Thursday, September 25, 2008

TE's Big Pie

One day, one of my subjects asked me a question. It was one of several, in fact, and like the others, it was a good one. She asked "how much land should I give to my subjects? Is there an optimum ratio?"

First, a bit of background as to the reason for her question. Anyone who plays Tiny Empires for any length of time (and by this, I mean more than half an hour) notices that the price of land goes up as you buy more land. The exact formula for land prices can be found on the TE wiki, but for our purposes, it's enough to say that the price of land goes up as the square of the amount of land you own. For those less mathematically inclined, let me put it this way: when the amount of land you have doubles, the income from that land doubles... but the amount that you pay for land will quadruple.

It doesn't take much to see that as you get more personal land, your ability to buy it decreases. The only thing that saves it from being a total disaster is that such things as census gold, gold windfalls, poll bonuses, and riddle bonuses all increase at the same rate as land costs.

But all of this leads to a basic strategy in Tiny Empires. As you buy land, pass it down to your subjects. By doing so, you increase their rank, their loyalty (one would hope) and you preserve your ability to buy land. At some point, in fact, you would hit a balancing point at which your ability to buy land matches your ability to give land away. At that point, you can sit and give land away all day and maintain your personal land throughout the whole process... while your total acreage and rank goes up if you're giving to your subjects.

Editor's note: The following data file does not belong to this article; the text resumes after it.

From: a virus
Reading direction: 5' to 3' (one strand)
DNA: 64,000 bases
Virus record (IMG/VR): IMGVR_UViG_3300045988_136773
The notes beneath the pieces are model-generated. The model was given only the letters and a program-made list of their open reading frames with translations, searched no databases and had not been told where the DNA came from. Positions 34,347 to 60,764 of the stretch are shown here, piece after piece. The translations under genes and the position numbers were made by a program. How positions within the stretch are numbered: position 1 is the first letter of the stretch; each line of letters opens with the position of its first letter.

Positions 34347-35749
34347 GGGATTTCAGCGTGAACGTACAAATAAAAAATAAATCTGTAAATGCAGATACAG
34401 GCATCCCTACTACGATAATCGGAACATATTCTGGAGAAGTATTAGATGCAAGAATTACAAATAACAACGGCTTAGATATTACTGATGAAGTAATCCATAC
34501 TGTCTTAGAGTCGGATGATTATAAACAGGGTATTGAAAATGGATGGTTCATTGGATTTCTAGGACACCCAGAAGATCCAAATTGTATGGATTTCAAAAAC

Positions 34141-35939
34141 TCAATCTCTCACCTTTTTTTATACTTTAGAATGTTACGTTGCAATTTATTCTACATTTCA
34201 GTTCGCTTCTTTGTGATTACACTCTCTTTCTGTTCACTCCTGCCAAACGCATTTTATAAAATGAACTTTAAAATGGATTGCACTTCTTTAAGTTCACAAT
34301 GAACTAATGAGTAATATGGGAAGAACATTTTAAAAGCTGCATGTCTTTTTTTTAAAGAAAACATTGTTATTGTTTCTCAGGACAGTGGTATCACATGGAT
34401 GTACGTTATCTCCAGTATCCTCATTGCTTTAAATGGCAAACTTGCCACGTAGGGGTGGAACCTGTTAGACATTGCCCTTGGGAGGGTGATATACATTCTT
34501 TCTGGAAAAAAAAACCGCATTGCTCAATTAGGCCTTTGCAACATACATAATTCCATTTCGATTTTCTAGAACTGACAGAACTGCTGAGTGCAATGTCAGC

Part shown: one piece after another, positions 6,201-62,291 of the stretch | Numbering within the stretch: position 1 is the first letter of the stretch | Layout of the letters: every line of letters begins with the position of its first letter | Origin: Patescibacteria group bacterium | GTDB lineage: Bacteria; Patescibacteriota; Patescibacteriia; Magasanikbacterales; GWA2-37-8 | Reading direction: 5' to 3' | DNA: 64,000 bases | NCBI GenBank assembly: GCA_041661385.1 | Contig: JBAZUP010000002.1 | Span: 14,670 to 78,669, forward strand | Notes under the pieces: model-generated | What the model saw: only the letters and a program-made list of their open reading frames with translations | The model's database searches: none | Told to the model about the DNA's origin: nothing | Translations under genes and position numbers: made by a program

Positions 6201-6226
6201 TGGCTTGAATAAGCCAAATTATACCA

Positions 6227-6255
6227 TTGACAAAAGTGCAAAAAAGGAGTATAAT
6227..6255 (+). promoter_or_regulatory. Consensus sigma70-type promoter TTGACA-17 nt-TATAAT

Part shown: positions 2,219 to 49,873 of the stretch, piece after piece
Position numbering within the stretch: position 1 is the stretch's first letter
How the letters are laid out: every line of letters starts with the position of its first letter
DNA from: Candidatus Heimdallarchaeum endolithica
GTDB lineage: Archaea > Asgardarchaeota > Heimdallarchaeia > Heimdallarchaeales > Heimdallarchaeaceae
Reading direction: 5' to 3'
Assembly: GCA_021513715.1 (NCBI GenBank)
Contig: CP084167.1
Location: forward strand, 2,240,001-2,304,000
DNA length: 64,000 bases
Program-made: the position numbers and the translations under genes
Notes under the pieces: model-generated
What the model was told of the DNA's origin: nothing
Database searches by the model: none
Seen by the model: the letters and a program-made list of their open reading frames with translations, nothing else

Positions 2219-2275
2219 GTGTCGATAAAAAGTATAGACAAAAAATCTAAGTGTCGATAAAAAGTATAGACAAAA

There are other considerations, though, as I told the lady who asked me. For one thing, consider how many direct subjects you have-- the fewer you have, the less secure your position is. (This is explained in more detail in 'chains vs. layers') Accidents happen, and a subject leaving may not be an accident. Maintaining personal land may slow your ability to buy more, but it also makes your rank more secure, since less of it depends on those underneath you.

This last consideration leaves the realm of the mathematical and enters the realm of human psychology. A story has been told of a woman who was made the manager of an industrial plant. Unfortunately for her, this plant was in poor condition. Morale was very bad, production was bad, and almost everyone there expected it to go bankrupt. Her job was to prevent that from happening. Fortunately for her, she found a very wise man among her employees who taught her how to increase morale and productivity. One of his analogies applies particularly well to Tiny Empires. Consider if you will...

Imagine a pie. Fill this pie with your favorite delicious goody (apples, blueberries, rhubarb, whatever.) You'd love to have some of this pie, wouldn't you? Of course you would.

Now you look around and you see other people. And you realize that they want some of this pie as well.

You look at them.

You look back at the pie.

Now the question: How big is that pie?

There are two instinctive gut reactions here.

Little Pie people will see the pie as being too little to go around. They will immediately scheme ways to get as much for themselves as possible.

Big pie people will see the pie as being big enough for everyone. They'll gladly serve slices to others, because they know there will always be more delicious pie.